Ben Burkett

When the Crescent City Farmers Market was founded 20 years ago, farmers in nearby rural areas were hesitant about coming to New Orleans. To them the city was a haven of crime and traffic, but connecting the city to the farm created more opportunities than they imagined.

The harvest: 2,000 pounds of chardonnay reserve picked in half an hour. The professionals can pick just as many grapes in a quarter as much time.
Terry McCarthy

Since 1986, Cakebread Cellars in Napa Valley has gathered together a small group of chefs, journalists and food enthusiasts for an intensive four-day seminar at the American Harvest Workshop. Recently, the Louisiana Eats! team was invited to participate, so we've brought back some of our favorite stories from the West Coast.

Count Bernard Saint Bris and host Poppy Tooker in the gardens of his family's château, Clos Lucé.
Courtesy of Poppy Tooker

Recently, Louisiana Eats! host Poppy Tooker packed up her recording equipment, bid a cheery adieu to her company of sound engineers and went rogue to make Louisiana Eats! radio in France. On this week's episode, we share Poppy's incredible experience abroad.

Ian McNulty

All around New Orleans, the sounds of the season signal cooler weather ahead. Some of these speak directly to our appetites too.

If you heard a sharp snap one recent morning, it might've been the sound of New Orleanians collectively switching off their air-conditioners at the start of a dramatically cooler day.

Marie Saint Bris sets the table for "le dîner bleu" in the dining room of her family's Château Beauchêne in France's Loire River Valley.
Poppy Tooker

Knowing the human history behind any dish just makes it taste better. On this week's episode of Louisiana Eats!, we hit the books with several food historians to hear tales of our culinary past.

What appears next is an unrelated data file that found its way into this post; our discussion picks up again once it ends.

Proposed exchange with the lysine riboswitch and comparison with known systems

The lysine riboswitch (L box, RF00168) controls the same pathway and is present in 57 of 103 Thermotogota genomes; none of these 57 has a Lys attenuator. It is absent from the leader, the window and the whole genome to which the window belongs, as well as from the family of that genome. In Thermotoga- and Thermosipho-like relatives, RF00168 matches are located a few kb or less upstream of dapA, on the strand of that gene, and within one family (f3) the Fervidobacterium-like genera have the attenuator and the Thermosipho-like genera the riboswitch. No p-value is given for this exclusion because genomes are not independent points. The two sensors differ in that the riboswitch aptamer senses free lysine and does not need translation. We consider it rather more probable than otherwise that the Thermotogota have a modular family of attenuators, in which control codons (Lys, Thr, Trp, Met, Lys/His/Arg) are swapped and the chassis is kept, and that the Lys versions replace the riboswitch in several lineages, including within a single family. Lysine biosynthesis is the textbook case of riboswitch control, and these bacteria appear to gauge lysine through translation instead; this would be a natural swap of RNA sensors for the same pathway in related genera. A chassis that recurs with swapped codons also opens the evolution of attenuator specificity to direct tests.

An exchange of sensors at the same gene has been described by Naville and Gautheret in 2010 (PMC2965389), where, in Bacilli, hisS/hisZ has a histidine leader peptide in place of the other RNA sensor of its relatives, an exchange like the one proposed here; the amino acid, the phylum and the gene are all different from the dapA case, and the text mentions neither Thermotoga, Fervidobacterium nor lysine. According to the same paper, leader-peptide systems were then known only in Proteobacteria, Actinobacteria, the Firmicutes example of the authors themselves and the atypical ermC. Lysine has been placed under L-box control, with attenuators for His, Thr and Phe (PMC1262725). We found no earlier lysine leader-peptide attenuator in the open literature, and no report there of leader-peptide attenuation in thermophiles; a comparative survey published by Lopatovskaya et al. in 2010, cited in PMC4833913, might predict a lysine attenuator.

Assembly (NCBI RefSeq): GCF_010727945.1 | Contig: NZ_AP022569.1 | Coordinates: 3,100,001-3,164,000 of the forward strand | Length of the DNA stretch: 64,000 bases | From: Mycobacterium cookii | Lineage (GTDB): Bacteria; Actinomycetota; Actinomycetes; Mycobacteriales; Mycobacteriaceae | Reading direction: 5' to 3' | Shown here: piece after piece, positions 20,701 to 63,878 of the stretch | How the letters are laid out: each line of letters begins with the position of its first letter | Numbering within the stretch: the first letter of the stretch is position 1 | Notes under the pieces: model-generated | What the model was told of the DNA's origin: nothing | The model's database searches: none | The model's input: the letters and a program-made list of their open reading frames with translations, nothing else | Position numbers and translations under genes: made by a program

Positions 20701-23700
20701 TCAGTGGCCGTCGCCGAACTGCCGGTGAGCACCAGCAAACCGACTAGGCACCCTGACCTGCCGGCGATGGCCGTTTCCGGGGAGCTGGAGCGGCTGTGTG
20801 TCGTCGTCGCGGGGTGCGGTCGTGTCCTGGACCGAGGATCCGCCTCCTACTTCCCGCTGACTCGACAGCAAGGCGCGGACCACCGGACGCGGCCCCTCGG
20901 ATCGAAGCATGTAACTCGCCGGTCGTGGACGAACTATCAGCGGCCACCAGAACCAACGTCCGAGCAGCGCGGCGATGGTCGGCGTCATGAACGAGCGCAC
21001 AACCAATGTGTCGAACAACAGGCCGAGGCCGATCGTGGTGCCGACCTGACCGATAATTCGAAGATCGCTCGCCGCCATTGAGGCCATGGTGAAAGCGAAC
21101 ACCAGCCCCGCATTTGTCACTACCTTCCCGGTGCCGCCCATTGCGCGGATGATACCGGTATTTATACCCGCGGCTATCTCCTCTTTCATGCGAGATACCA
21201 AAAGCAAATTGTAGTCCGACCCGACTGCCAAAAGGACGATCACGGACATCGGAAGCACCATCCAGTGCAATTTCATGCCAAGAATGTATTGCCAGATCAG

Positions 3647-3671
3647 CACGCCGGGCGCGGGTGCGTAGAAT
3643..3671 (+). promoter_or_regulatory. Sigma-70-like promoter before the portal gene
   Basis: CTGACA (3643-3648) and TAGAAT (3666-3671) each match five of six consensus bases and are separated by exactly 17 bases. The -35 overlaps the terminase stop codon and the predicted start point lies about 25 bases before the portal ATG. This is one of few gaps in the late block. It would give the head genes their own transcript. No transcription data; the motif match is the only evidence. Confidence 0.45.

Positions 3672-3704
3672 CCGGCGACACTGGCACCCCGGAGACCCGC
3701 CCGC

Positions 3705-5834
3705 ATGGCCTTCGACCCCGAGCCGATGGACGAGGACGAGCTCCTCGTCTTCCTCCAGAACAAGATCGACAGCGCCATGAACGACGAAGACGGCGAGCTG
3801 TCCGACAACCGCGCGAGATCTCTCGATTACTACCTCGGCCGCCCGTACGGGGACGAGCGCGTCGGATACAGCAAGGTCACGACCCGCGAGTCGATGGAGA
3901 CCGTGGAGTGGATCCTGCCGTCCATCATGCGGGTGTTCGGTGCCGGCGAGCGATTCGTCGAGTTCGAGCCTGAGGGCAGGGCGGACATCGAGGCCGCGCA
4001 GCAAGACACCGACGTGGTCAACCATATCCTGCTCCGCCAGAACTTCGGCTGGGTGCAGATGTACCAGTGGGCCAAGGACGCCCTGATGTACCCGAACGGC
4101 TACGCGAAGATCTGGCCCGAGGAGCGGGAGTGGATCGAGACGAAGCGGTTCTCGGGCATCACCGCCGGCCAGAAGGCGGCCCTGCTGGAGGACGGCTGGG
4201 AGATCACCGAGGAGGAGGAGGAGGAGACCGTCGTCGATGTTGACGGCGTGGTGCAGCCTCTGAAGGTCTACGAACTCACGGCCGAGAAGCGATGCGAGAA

First, we speak with Dr. David Shields of the University of South Carolina, who shares his years of research on American culinarians. His upcoming book, "Culinarians: American Chefs, Caterers & Restaurateurs," is the first ever biographical collection of culinary movers and shakers in America.

Soft shell crab tacos at Sun Ray Grill, a neighborhood eatery in Gretna.
Ian McNulty

Jerk chicken from Coco Hut, a Caribbean restaurant in New Orleans with a bold way with spice.
Ian McNulty

Keeping some semblance of cool as our summer heat rages on can take some strategy. We park the car under oak limbs and walk on the shady side of the street. We keep ice water handy and, when it's time to eat, something cool and light sounds like just the thing.

But across the spectrum, there is another way, and it’s to embrace the heat, to own it. Revel in fiery foods and you may just beat the heat at its own game.

Joe Shriner

The food scene of New Orleans has grown tremendously since Hurricane Katrina. On this week's Louisiana Eats!, we complete our two-part series on the storm by taking a look at the changing face of the city's food scene over the past 10 years.

Food memories resonate from the post-Katrina experience in New Orleans. This offer of red beans and hospitality was displayed on a Mid-City home for months after the floods.
Ian McNulty

Sometimes a sound will bring it back, as random as loose siding beating against a wall, recalling a shredded city, or as overt as the diesel rumble of an army Humvee on city streets.

Even if you’re ready to close the door on Katrina and the levee failures, and plenty of us have, the persistence of sense memories may have other plans. It’s that vivid, involuntary recall of what we took in, and no matter where we managed to store it this stuff can come creeping back, even a decade later.

Undeterred by the devastation, second line clubs returned to New Orleans a few months after the flood, determined to uphold the city's cultural traditions. This photo is of the 2009 Prince of Wales second line parade.
Jason Saul

Well, we’ve made it. Almost. It’s been a long, hot summer and this is our last episode as we come up on the tenth anniversary of Katrina.

The city is abuzz with journalists and experts and NGOs and politicians. We thought we’d use this last bit of The Debris to explore a word they’re all using to talk about New Orleans: resilience.